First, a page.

Offshore payments from a Westpac account at the centre of a multimillion-dollar fraud involving notorious conman Peter Foster have exposed another possible weakness in the major bank's risk monitoring systems.

Private investigator Ken Gamble and Sydney law firm Nelson McKinnon are investigating whether 39 payments totalling more than $8 million sent from a Westpac bank account to Hong Kong could be part of the 23 million transactions AUSTRAC alleges the bank failed to properly vet.

The Age and The Sydney Morning Herald do not allege Westpac failed to report these transactions to the AUSTRAC and the payments were not referenced in the financial intelligence agency's statement of claim against the bank.

There are no allegations regarding those transactions, and 'tipping off' laws mean that Westpac cannot comment on whether SMRs [suspicious matter reports] were filed in relation to any customer," Westpac said in a statement.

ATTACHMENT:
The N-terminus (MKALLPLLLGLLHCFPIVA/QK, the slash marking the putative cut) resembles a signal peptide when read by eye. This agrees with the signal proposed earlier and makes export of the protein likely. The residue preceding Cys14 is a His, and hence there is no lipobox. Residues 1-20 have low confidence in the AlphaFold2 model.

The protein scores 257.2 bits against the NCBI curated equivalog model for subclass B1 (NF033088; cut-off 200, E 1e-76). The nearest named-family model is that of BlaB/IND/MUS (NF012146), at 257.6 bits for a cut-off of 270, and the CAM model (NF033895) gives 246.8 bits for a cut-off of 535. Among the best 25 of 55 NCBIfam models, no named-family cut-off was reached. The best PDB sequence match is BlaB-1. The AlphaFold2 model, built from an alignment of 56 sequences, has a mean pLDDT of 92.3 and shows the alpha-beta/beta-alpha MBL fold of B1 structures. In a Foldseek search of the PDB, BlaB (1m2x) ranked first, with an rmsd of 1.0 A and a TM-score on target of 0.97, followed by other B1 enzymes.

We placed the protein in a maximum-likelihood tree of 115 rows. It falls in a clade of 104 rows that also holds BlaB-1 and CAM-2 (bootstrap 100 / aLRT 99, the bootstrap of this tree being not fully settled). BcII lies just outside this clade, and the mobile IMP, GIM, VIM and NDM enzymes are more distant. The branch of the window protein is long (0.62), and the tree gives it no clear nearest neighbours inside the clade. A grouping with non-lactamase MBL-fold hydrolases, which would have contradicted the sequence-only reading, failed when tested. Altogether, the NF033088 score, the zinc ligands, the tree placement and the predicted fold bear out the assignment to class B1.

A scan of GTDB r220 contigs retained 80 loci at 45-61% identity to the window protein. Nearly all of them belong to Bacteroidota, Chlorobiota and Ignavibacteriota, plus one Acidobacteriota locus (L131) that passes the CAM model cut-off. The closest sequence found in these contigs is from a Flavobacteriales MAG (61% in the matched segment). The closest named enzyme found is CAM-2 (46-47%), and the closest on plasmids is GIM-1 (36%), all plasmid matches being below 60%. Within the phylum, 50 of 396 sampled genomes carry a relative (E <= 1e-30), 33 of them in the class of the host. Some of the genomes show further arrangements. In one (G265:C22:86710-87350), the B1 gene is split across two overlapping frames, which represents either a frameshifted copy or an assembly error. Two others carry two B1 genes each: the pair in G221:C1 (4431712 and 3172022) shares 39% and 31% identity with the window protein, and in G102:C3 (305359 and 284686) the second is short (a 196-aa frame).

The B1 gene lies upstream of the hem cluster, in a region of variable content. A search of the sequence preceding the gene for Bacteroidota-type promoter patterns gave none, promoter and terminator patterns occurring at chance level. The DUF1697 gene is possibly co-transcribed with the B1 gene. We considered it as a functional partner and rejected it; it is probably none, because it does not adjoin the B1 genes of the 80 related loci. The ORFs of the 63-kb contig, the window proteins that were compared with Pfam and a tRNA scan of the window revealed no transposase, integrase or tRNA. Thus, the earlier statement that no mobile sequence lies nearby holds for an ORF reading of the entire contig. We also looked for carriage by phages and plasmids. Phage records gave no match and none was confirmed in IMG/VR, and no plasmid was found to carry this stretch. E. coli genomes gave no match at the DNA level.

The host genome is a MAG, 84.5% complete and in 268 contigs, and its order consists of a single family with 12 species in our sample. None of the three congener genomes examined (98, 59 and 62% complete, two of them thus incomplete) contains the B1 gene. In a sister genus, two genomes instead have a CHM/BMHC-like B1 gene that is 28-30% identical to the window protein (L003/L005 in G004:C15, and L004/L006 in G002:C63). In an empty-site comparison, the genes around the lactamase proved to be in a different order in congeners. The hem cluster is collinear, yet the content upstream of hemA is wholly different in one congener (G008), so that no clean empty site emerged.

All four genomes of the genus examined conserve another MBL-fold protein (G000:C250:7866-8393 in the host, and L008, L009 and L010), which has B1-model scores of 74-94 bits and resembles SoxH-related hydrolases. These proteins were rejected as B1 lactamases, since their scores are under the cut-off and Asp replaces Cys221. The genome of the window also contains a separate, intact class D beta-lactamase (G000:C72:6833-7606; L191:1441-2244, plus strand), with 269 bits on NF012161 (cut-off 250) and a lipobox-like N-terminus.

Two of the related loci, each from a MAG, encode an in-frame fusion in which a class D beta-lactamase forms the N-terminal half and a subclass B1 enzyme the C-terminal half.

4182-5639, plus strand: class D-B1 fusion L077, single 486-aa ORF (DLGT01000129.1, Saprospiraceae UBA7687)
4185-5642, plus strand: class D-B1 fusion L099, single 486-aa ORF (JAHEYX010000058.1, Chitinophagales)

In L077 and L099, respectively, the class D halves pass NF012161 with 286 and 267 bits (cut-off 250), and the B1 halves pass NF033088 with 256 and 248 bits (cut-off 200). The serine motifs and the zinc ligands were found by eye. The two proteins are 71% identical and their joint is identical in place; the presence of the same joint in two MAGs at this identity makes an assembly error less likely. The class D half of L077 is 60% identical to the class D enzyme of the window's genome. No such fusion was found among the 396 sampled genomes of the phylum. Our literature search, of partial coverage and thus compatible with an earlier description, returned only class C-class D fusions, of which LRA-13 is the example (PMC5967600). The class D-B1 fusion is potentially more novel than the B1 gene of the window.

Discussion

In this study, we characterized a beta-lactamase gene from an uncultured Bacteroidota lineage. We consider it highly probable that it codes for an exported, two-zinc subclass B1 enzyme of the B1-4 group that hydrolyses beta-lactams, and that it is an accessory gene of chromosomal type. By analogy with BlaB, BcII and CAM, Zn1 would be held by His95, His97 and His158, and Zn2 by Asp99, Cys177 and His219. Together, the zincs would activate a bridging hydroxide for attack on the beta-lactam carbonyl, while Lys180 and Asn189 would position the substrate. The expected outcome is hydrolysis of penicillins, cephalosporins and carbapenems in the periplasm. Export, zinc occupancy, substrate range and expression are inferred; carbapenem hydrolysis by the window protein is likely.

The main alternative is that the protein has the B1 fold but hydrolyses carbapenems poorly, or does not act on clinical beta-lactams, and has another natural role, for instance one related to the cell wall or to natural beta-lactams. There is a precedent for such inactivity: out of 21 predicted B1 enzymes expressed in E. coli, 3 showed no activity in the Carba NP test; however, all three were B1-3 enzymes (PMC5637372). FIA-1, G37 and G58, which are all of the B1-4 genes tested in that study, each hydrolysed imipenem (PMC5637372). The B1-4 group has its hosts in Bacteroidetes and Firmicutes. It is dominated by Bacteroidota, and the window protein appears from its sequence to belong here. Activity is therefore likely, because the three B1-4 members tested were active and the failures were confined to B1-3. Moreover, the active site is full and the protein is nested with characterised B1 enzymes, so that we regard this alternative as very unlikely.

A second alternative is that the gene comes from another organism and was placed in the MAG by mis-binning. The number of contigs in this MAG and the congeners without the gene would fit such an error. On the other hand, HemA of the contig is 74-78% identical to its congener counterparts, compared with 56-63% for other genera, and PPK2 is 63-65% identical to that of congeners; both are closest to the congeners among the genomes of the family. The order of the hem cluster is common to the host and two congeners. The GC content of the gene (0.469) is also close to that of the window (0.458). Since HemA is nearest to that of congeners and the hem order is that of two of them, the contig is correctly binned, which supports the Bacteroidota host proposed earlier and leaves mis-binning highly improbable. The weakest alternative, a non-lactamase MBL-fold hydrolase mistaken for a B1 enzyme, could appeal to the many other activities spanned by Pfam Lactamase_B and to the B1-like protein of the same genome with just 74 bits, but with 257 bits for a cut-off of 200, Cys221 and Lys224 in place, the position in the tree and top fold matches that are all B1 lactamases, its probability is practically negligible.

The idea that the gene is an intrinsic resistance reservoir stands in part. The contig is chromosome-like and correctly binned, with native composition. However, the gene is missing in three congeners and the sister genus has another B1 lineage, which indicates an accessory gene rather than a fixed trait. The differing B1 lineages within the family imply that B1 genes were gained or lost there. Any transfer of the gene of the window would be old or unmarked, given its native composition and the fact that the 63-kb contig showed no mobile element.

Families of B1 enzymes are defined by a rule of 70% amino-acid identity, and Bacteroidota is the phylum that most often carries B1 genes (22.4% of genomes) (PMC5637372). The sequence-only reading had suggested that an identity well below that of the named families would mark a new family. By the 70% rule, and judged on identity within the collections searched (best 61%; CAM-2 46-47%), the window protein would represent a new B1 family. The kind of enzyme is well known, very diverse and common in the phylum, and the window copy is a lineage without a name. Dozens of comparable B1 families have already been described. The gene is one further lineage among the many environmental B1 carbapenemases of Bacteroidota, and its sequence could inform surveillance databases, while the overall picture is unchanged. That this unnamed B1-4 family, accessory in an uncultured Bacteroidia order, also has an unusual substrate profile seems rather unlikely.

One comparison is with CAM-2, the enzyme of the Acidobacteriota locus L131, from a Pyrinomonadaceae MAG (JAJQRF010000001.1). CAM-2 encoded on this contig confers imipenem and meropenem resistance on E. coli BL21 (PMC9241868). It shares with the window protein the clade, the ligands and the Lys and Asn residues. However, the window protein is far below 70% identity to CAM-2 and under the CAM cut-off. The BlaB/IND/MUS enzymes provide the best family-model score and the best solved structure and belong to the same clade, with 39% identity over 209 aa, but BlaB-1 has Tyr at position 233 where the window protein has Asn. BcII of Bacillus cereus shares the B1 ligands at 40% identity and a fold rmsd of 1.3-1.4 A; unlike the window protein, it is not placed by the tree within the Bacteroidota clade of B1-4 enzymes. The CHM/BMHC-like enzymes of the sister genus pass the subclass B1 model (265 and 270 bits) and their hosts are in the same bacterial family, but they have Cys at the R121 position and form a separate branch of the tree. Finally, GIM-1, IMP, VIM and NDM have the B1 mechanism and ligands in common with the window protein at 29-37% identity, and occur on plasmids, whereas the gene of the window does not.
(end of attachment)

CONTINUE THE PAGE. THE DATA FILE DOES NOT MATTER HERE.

The Hong Kong payments have come to light as Westpac's international transfers and risk management systems are under increased scrutiny. AUSTRAC's landmark lawsuit against the nation's oldest bank last month prompted the resignation of former chief executive Brian Hartzer and will lead to the early departure of chairman Linsday Maxsted next year.

If AUSTRAC was not alerted to the Hong Kong payments, Mr Gamble said he would seek to take legal action against the bank directly. AUSTRAC said it would not be appropriate to comment on the payments.

The payments came to light following a judgment handed down in the NSW Supreme Court in late November that found Sydney lawyer Leigh Johnson was a signatory to the Westpac account. The court found Ms Johnson knew conman Mr Foster was involved in the scheme and was also aware he used a fake name and did not inform law enforcement.

The findings against Ms Johnson were made in the civil suit and were not criminal findings.